Many situations can be interpreted as threats. That leads to an anxiety response and an activation of the body’s fight-or-flight stress response. Once we perceive something as a threat, we can either run from it or we can face it. Facing a fear does not necessarily mean fighting or fleeing. Sometimes facing a fear means refusing to act and choosing to not accept a situation as a genuine threat. This is particularly the case when the source of threat comes, not so much from the present situation, but from past associations triggered by the present situation. If I have taken a huge loss in a volatile market, the next time volatility rears its head, I might panic out of my position.
Generally, there is no such thing as an “overreaction” to a situation. Whenever something seems like an overreaction, it means that we are reacting to something in the past on top of what’s happening in the present. The extreme of this situation is traumatic stress, in which painful experiences in the past intrude in our perceptions of safety in the here and now.
As Mike Bellafiore’s recent post points out, even positive events can be interpreted as threats. If we’ve been stung when we’ve held onto winning positions, only to have them reverse and hand us losses, the next time we’re up on a position, we might respond to winning as threat. I’ve worked with many people who have been so hurt in relationships that they respond with an anxiety response any time a person tries to get close to them. At such junctures, we often act in ways to reduce our anxiety–which may not be ways that are ideal for handling the situation at hand.
So how do we avoid the extremes of flight and fight and instead face our fears with a degree of realism? Here are three important strategies:
1) Slow Down – That fight or flight response speeds us up. Under the influence of an adrenaline rush, our thoughts race, our bodies tense, and blood flows shift to the motor areas of our brains. When we sit still, breathe deeply and slowly, and focus our attention, we slow down the body’s fight or fight responses. Cooling down when events heat up is a great way to stay mindful and planned. The best way to cool panicky feelings is to keep the body in a chilled state incompatible with those feelings.
2) Treat Emotions As Information – Your emotions are either telling you about a genuine threat in the world or a perceived one. The key is sorting those two out. If you can stay mindful and use the emotion to trigger an analysis of the situation, you can either appropriately act on the threat or remind yourself that your reaction is more to the past than the present. When you treat emotions as information, you go into information processing mode, not blind action mode.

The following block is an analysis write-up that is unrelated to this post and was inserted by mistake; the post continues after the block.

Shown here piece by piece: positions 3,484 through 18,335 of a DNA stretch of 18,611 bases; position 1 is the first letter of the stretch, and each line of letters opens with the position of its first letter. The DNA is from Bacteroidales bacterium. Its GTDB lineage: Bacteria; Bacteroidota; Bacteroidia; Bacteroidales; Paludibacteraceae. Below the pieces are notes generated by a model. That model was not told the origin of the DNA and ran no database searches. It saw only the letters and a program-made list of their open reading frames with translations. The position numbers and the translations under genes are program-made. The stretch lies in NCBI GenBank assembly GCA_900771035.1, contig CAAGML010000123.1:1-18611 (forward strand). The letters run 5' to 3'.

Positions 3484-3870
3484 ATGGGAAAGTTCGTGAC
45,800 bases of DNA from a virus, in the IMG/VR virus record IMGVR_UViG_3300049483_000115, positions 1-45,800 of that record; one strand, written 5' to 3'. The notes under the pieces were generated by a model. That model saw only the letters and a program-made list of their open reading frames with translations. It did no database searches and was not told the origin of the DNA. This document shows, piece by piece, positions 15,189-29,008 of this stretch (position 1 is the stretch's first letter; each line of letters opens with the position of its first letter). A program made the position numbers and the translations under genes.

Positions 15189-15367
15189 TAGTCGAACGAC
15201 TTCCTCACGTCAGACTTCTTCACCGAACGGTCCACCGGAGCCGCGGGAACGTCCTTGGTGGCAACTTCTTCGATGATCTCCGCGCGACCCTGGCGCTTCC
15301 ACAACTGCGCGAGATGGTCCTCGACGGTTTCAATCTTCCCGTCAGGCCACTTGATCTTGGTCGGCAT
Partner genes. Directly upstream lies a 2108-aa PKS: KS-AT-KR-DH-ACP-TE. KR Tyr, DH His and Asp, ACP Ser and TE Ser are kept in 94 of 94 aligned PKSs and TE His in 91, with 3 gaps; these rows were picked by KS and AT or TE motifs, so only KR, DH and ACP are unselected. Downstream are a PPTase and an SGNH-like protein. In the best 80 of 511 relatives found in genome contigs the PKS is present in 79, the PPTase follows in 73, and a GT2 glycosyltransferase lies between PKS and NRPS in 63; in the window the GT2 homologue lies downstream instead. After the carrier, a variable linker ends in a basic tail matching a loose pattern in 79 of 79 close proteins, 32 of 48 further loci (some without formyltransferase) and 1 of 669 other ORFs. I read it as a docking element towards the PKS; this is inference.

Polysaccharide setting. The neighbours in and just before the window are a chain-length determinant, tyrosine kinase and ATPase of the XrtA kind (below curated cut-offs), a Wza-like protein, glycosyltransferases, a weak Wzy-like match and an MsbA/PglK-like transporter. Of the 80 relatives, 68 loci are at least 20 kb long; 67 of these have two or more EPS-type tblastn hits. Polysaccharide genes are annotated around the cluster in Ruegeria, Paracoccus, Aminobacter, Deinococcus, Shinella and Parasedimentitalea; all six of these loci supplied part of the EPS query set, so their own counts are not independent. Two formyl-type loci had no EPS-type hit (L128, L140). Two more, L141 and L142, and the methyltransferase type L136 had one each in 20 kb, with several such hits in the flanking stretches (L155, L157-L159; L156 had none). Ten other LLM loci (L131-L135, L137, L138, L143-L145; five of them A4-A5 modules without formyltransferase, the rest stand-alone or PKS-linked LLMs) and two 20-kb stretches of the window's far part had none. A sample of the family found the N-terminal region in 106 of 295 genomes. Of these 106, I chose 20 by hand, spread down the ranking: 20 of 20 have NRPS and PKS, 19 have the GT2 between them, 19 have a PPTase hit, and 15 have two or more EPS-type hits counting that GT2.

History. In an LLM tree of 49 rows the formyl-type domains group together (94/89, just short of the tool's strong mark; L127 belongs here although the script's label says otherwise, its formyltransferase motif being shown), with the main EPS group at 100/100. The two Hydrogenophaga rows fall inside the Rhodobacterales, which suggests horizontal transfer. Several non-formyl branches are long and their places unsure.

3) Rehearse To Perfection – Too often we step onto life’s stage without proper rehearsal. Any situation that generates a threat response can be mentally rehearsed through vivid visualization. If we can keep ourselves chilled when we imagine stressful situations and visualize ourselves acting constructively, we create new mind-body connections that eventually carry over to real life. If you conquer a fear 20 times in vivid mental rehearsals, it’s much harder to overreact to the 21st situation that occurs in real life.
The recent Forbes article is an important one, not only because of the social issues it addresses in the trading world, but also because of its implications for the psychology of trading. Research suggests that male traders are particularly prone to overconfidence bias. Under greater illusions of control, they are more likely to overtrade. This, in turn, creates more frequent losses–and more opportunity for subsequent emotional overreactions to loss. It is not unusual to see traders swing between bold overconfidence and fearful underconfidence: the first sets up the second, especially when boldness leads to oversized losses.
The best antidote to fear is realism. If we can turn fear into a stimulus for self-awareness and market awareness, we are most likely to face fears constructively. Realistic trading expectations, including emotional preparation for inevitable periods of drawdown, are powerful tools in proactively addressing trading anxiety.
Further Reading: The Naomi Principle: Overcoming Trauma